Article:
Better balustrades - polyurethane grouts open up new possibilities

Polyurethane grouts can create new possibilities.
Marc-Olivier Brosseau and Paul Chackery
May 30, 2018
By Marc-Olivier Brosseau and Paul Chackery
New grouts can make new designs possible by allowing glass to be embedded in the substrate without visible mechanical fastenings. In this subway station, the glass comes straight out of the floor, creating a seamless view.
New grouts can make new designs possible by allowing glass to be embedded in the substrate without visible mechanical fastenings. In this subway station, the glass comes straight out of the floor, creating a seamless view.
Light-flooded spaces and a general airiness in buildings are no longer just a trend in the architectural world, but are increasingly state-of-the-art. This general airiness achieved through the use of transparent materials does not end with the balcony. Total vision glazing and glass balustrades can offer continuity to wide open spaces, if they are not interrupted by framing or other mechanical fixations. When it comes to connecting glass to frame materials, new solutions are coming to market every day.

For total vision glazing and glass balustrades, the attachment of the glass panes to the floor ideally is concealed, leaving a barely visible, uninterrupted wall of glass. Glass grouting with cementitious grout has become a widespread, economic technology for balcony glazing, but many cases of breakage have been reported because of its hardness and rigidity.

Furthermore, in the past few years, glazing regulations for balustrades have changed significantly. The 2018 version of the international building code is now out. Codes require that a top rail or handrail be attached to guards with structural glass panels, unless the baluster panels are laminated with two or more glass plies of equal thickness and of the same flat glass type. Furthermore the panels shall be tested to remain in place as a barrier following impact or glass breakage in accordance with ASTM E2353. Similarly CSA A500 is increasing the requirements on the glass thickness and strength. The end result is use of laminated glass and other thick configurations. In all three conditions noted in CSA A500, standard laminated glass is being specified.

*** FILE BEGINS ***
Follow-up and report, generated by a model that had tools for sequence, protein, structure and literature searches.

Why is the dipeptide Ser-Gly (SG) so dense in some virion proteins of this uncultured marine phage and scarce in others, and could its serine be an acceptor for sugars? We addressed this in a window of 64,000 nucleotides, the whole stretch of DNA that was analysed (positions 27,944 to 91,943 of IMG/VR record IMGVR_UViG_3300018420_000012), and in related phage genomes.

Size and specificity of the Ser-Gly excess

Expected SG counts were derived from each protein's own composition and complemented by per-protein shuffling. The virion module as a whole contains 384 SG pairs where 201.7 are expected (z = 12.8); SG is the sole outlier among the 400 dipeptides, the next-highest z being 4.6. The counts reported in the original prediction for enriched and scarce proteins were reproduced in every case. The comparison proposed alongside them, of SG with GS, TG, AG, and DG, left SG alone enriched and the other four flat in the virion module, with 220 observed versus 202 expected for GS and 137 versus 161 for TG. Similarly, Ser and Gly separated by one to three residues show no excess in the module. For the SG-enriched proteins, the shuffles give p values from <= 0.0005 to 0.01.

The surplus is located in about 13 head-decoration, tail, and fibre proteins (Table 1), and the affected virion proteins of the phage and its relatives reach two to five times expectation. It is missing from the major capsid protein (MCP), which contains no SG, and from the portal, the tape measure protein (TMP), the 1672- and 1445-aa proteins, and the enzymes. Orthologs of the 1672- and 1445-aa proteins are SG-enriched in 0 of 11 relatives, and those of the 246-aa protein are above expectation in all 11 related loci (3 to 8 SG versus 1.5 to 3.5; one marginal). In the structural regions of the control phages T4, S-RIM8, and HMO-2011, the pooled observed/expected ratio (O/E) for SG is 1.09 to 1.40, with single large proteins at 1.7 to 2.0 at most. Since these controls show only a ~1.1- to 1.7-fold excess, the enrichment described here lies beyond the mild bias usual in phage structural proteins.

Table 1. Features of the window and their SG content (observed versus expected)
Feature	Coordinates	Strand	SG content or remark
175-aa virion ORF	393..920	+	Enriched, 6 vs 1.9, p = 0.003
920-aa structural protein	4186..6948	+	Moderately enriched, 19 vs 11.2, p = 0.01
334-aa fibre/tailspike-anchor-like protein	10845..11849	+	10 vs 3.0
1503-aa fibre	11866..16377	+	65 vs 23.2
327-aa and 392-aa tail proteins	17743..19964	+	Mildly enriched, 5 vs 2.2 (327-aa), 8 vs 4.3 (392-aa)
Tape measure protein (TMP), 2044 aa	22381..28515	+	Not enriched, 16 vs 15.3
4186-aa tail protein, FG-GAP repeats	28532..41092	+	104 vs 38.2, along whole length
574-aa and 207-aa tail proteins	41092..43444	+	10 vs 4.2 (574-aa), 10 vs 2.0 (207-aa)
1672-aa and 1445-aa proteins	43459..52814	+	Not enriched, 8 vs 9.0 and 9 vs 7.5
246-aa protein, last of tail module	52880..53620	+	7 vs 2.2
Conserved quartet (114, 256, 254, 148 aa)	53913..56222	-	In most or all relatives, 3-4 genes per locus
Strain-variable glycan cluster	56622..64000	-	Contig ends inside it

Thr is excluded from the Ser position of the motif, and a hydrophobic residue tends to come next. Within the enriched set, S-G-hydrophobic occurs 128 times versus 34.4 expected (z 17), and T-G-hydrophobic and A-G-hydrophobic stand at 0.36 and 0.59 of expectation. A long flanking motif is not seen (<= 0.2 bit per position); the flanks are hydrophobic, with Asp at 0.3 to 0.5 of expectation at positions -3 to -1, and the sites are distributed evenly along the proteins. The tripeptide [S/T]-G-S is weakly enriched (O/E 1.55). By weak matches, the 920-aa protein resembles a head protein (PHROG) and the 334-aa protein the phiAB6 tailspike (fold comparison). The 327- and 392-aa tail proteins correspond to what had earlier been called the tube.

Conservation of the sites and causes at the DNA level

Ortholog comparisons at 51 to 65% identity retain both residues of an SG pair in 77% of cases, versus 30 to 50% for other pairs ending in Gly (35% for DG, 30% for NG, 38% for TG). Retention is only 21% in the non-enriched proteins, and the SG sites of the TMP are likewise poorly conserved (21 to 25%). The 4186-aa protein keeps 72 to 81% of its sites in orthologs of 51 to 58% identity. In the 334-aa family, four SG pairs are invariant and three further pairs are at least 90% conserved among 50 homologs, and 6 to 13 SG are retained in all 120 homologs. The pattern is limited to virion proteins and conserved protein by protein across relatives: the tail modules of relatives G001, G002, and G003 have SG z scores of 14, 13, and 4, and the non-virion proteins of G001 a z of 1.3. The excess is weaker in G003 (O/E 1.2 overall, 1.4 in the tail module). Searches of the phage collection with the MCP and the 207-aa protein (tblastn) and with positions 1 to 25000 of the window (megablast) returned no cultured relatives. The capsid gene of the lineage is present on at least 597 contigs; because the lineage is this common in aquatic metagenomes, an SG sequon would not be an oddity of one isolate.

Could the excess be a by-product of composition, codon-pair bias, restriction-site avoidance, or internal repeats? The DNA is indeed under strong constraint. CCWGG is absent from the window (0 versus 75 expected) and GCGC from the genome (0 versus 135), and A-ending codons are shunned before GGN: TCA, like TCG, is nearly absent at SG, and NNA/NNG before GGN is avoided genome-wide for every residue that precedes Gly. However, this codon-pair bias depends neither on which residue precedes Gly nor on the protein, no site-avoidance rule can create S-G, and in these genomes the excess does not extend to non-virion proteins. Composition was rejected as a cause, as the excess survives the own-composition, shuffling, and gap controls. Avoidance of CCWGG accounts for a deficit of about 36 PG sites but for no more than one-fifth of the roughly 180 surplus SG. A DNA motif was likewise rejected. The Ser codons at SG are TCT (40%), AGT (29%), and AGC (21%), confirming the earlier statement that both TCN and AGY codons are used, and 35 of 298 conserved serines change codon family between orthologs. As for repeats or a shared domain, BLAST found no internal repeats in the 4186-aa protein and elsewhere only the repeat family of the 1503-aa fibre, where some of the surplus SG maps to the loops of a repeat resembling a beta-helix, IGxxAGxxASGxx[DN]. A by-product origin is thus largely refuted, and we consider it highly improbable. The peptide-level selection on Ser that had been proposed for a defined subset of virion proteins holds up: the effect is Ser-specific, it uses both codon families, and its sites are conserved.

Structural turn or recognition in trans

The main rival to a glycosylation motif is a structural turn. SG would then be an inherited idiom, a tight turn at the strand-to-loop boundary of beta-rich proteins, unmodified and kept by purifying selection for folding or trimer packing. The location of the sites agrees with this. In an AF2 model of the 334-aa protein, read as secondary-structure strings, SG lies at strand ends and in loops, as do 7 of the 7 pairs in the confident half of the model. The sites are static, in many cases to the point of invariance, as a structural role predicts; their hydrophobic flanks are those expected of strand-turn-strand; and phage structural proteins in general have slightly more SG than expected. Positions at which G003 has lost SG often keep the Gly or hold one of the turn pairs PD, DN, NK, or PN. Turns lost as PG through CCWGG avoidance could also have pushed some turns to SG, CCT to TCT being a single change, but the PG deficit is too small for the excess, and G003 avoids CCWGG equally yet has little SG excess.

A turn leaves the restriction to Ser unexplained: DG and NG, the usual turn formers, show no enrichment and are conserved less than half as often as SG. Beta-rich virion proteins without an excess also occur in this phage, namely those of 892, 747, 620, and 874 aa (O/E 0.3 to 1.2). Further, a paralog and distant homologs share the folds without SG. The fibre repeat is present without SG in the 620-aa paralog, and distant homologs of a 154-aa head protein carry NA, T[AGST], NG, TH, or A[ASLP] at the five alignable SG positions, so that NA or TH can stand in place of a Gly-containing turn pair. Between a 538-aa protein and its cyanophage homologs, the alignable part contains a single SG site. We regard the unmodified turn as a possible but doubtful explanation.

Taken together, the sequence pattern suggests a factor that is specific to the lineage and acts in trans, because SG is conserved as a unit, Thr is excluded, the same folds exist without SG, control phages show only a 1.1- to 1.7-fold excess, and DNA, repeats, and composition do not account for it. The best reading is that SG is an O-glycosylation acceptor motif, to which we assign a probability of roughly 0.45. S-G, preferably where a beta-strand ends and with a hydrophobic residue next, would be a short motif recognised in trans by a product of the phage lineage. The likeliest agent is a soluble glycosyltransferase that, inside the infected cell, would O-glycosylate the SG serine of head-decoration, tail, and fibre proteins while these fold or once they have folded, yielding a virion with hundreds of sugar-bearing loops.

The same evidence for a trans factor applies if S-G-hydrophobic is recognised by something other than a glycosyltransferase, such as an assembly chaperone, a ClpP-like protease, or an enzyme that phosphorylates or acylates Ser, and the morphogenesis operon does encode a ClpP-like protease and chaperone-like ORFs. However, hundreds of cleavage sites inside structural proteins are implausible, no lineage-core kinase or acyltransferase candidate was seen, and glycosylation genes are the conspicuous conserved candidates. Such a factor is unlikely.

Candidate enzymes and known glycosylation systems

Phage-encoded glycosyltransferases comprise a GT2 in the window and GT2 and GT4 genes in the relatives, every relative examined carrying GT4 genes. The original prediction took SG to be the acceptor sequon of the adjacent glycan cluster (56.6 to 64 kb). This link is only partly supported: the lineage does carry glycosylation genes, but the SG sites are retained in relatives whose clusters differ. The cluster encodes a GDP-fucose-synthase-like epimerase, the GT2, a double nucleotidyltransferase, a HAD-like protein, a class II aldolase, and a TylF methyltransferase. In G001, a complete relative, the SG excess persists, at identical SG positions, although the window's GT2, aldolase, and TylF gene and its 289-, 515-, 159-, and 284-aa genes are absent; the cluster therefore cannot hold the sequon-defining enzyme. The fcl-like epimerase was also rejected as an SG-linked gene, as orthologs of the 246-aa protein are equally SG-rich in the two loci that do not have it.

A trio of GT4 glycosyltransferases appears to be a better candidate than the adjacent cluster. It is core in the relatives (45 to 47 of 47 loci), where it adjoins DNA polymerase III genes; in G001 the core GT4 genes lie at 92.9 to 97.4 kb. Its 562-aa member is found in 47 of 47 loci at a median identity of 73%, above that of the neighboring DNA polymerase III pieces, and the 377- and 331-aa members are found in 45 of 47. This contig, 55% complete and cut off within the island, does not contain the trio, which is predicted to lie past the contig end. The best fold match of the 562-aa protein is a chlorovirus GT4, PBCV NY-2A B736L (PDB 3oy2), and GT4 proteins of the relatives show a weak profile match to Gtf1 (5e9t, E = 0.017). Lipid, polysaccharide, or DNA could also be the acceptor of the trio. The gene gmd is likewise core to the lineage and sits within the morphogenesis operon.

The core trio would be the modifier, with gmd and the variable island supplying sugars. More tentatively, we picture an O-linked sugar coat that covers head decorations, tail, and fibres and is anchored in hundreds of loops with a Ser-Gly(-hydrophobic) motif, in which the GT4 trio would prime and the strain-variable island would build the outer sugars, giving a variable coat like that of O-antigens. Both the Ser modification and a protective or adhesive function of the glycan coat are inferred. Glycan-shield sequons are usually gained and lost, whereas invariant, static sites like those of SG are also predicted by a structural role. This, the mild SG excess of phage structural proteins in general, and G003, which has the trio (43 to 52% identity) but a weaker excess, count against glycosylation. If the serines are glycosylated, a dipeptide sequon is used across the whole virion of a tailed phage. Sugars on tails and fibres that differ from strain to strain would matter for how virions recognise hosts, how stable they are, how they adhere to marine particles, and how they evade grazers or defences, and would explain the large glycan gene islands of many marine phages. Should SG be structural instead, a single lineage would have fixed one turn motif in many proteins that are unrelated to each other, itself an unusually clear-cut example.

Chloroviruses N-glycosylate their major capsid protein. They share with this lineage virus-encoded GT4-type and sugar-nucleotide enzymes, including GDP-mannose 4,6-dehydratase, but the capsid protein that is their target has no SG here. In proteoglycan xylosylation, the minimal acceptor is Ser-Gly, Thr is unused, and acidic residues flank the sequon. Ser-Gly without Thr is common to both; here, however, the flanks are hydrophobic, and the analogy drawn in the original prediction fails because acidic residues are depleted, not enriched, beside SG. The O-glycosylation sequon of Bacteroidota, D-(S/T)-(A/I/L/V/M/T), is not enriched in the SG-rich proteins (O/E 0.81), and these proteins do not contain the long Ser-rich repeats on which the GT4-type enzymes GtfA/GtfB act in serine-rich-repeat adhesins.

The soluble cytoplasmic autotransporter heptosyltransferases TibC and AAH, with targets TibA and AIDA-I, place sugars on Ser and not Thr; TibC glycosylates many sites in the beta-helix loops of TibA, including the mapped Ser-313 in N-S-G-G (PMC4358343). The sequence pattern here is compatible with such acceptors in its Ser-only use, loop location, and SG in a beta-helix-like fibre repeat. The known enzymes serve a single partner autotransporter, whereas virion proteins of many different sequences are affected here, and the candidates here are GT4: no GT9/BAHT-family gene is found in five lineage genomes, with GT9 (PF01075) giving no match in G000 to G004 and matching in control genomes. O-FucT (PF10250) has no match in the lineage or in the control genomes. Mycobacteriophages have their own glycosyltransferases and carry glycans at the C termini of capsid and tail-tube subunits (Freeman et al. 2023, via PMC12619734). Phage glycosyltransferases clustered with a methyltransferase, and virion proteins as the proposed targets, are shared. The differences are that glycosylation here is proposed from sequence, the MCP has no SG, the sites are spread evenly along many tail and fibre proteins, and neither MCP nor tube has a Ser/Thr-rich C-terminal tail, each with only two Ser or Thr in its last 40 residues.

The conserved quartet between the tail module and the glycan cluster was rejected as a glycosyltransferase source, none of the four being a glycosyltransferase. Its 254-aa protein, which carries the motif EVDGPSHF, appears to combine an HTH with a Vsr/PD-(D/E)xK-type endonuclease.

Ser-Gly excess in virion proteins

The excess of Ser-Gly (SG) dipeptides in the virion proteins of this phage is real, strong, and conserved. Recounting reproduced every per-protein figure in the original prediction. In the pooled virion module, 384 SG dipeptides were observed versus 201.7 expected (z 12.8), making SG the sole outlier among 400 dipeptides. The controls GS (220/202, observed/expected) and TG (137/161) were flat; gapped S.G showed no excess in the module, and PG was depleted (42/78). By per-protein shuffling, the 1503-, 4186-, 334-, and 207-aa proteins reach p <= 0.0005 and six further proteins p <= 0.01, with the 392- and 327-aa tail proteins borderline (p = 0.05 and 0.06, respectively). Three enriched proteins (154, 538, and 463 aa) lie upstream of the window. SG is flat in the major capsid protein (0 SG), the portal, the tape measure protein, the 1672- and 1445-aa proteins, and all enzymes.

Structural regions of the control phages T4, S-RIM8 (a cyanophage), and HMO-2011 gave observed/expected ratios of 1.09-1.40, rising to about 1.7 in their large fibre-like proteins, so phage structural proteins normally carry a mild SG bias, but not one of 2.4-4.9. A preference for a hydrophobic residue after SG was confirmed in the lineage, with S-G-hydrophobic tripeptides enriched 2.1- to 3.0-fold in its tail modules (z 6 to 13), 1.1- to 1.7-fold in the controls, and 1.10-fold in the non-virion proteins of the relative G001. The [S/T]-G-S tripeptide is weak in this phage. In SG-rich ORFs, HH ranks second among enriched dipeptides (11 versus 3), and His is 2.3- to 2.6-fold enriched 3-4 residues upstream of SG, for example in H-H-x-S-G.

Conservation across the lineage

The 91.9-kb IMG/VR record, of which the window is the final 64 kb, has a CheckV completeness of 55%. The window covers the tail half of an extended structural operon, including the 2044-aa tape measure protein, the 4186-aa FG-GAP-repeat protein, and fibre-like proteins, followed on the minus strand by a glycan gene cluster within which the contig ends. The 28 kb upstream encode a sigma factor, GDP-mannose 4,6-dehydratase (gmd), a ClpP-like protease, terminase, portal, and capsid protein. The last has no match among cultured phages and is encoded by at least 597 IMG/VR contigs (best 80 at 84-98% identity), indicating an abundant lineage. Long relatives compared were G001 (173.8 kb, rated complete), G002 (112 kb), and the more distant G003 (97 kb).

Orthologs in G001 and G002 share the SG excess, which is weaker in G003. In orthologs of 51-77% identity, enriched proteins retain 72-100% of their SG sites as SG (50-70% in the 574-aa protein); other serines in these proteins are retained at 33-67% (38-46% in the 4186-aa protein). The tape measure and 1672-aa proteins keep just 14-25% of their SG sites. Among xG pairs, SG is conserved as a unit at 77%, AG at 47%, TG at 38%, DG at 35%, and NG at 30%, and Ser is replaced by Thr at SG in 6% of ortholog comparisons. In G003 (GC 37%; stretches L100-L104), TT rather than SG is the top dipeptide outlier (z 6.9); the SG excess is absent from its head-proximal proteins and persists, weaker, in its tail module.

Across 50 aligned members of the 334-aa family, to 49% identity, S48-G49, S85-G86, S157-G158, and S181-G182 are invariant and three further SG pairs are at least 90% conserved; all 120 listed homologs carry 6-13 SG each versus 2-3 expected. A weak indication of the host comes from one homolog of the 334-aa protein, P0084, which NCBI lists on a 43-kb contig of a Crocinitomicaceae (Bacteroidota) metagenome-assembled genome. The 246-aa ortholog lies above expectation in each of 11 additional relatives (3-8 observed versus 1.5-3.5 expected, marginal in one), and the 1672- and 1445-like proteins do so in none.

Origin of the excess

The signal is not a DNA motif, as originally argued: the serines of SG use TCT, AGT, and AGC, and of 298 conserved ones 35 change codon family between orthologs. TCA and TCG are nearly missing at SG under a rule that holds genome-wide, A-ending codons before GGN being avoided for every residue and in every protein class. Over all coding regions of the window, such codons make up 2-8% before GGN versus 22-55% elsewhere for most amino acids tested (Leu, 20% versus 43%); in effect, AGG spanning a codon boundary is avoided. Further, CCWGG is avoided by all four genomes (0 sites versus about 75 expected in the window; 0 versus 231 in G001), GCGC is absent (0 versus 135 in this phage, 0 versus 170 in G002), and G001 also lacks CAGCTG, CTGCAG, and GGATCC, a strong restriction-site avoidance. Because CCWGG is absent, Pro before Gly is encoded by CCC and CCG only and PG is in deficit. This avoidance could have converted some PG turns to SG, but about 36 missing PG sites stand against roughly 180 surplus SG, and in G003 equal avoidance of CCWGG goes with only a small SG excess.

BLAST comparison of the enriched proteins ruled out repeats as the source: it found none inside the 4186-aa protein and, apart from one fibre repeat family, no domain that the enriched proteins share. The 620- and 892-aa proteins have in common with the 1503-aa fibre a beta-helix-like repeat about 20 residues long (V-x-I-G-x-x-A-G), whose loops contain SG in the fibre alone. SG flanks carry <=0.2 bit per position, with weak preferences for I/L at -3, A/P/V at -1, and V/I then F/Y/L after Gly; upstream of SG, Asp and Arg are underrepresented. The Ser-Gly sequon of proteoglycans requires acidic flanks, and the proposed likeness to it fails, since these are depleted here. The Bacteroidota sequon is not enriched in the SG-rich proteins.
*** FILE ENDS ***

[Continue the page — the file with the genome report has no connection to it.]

Laminated safety glass has replaced single monolithic glass with significant consequences for glass grouting. Cementitious grout is very aggressive against the interlayers for laminated glass, causing discolouration and milky areas and even delamination and glass breakage. It is no longer a durable solution for glass grouting. This has created a need that structural sealant providers have met by developing a compatible solution with self-levelling two-part polyurethane (PU) grouts.

Glass embedding
For example, with the SikaGlaze GG-735 system, the bottom glass edge is embedded in a U-shaped profile. The loads are securely transferred through the glass elements, resulting in uniform stress distribution. The grout creates a strong but flexible fastening solution, capable of withstanding high static and impact loads. It is ideal for glass-wall grouting jobs.

The mechanics and workability of self-levelling two-part PU grouts can be excellent. The better ones offer just enough flexibility to take up some stress created by impact or thermal expansion while remaining rigid enough to prevent sway in the balustrade.